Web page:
Most people in manufacturing know the concept of total cost of ownership (TCO). Roughly defined as the overall cost of a product or piece of equipment throughout its life cycle, it includes the purchase price, operating costs and disposal expenses. It’s an important measurement when defining value because it takes a longer view of the required investment.
However, a newer concept is gaining traction and appeal with manufacturers looking for more efficient product designs and workflow processes. Total value management (TVM) is already proving effective in the field with some amazing results. It is defined differently depending on the specific industry and application. However, at a high level, it refers to a management approach designed to deliver value at every step of product and process development.
Although not a new concept, the adoption of TVM in the real world has accelerated in recent years as more manufacturers have come to understand the value of inviting an objective third party in who can take a holistic view of operations and processes. While internal teams can recommend improvements and identify gaps, a third party is better able to offer a fresh perspective on old problems and bring added resources and expertise to identify higher-impact changes more quickly.
Benefits of TVM
TVM is crucial when trying to get the most out of hydraulic systems and electrified vehicle designs. It plays a critical role in helping to increase the profitability of original equipment manufacturers (OEMs). While TCO focuses on the cost side of the revenue equation, TVM aims to improve OEM top-line revenues and bottom-line profitability. It does so by identifying improvement areas within OEM product designs that can deliver marketable commercial advantages. It also analyzes internal workflow processes with the end goal of optimizing manufacturing efficiency and productivity gains.
By taking a holistic view of a system, manufacturers can more easily identify opportunities to improve product designs, which results in enhanced equipment performance and operating efficiency improvements to lower end-consumer TCO. Design optimization often yields highly marketable performance and productivity benefits that OEMs can use as a compelling commercial value proposition to grow profit margins and sales volumes. Manufacturing process efficiencies also result in lower material expenditures, decreased integration labor requirements and improved manufacturing flow.
A Range of Approaches
An experienced third-party solutions provider can take many approaches as part of a TVM approach. It may be something as straightforward as best-practice training of OEM assembly personnel on proper installation techniques to reduce integration times and in-house rework incidents. Or it can be slightly more involved to include a routing analysis with the goal of reducing abrasion points or lowering the machine cost basis by reducing the number of hydraulic hoses and fittings used on a product platform.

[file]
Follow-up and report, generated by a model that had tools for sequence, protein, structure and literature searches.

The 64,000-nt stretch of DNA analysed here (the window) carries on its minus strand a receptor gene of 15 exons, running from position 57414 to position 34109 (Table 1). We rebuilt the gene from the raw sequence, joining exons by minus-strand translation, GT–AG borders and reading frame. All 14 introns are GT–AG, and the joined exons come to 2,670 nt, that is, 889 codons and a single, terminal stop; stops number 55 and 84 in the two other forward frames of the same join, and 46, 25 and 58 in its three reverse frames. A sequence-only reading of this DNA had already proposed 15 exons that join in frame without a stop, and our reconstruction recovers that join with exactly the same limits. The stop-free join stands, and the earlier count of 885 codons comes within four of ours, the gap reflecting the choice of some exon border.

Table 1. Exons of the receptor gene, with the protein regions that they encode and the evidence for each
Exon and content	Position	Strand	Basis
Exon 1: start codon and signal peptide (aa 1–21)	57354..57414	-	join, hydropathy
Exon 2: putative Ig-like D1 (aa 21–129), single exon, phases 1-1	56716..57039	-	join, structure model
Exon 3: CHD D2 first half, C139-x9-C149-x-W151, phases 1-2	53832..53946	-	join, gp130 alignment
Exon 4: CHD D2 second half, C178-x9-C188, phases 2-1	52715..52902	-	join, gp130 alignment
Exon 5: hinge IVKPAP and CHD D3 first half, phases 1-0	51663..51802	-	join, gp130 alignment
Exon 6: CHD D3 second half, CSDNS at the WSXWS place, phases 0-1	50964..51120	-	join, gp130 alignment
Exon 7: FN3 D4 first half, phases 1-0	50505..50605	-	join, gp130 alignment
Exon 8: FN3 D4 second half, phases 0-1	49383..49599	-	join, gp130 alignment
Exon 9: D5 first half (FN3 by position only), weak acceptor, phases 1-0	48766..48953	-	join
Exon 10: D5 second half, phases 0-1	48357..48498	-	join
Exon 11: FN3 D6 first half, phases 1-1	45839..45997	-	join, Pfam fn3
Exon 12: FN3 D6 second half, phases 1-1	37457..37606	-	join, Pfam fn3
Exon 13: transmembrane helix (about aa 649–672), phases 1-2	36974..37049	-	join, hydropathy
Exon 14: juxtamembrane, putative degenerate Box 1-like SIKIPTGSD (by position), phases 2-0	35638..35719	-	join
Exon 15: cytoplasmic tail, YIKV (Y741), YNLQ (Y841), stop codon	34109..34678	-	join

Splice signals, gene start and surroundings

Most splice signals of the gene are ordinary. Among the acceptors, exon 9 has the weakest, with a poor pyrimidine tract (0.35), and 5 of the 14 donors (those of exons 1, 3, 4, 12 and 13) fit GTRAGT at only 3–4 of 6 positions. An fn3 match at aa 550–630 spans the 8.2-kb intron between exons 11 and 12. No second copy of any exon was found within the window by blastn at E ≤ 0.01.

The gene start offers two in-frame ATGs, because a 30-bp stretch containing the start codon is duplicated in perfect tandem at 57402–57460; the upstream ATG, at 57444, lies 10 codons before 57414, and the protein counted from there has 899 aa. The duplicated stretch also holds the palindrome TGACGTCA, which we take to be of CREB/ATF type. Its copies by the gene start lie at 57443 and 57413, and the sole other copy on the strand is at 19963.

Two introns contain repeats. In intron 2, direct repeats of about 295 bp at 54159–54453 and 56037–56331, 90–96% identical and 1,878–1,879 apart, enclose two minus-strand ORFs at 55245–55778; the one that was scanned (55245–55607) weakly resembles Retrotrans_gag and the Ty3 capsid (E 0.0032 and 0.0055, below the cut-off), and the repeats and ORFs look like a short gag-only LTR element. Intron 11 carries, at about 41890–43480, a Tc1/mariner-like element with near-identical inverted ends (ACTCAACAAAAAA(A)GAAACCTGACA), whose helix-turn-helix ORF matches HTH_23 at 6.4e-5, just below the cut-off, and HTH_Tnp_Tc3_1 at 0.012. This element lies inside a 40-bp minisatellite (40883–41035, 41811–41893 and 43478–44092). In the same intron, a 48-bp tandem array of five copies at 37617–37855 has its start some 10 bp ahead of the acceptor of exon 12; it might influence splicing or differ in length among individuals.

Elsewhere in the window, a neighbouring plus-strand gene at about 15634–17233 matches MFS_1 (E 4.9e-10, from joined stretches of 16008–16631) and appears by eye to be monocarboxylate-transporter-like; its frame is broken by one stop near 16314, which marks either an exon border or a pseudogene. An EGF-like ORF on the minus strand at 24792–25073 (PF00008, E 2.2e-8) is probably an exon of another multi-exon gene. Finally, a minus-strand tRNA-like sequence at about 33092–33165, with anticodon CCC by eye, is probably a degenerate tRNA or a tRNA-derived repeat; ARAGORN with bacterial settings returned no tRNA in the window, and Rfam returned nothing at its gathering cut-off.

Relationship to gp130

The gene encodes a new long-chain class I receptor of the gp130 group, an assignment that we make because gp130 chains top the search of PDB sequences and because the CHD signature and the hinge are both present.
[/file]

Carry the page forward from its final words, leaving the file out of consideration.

Another approach may be conducting a comprehensive value analysis and value engineering (VA/VE) project to deliver greater efficiency in internal workflows. This can help reduce the number of tasks required to complete a production unit or alleviate a bottleneck in the production process to improve capacity.
When Can an Outside Solutions Provider Offer the Most Value?
The right solutions provider can often deliver many times the value of the investment made by an OEM, providing access to dedicated research and testing equipment, expert engineers and knowledge built throughout decades of experience.
The ways in which an experienced and expert third-party solutions provider can partner with OEMs to assist them with engineering projects that add value to their business in three stages: prototype, testing and VA/VE.
Seeking help from a third-party expert during the prototype stage can accelerate the project timeline to improve profitability, increase efficiency and boost productivity. A third-party partner should have a team of expert engineers working from a dedicated facility that can help customers make sure their hydraulics and electric vehicle powertrains are fully integrated from the start of the design and development process. The benefits of bringing an outside supplier on board at this stage include: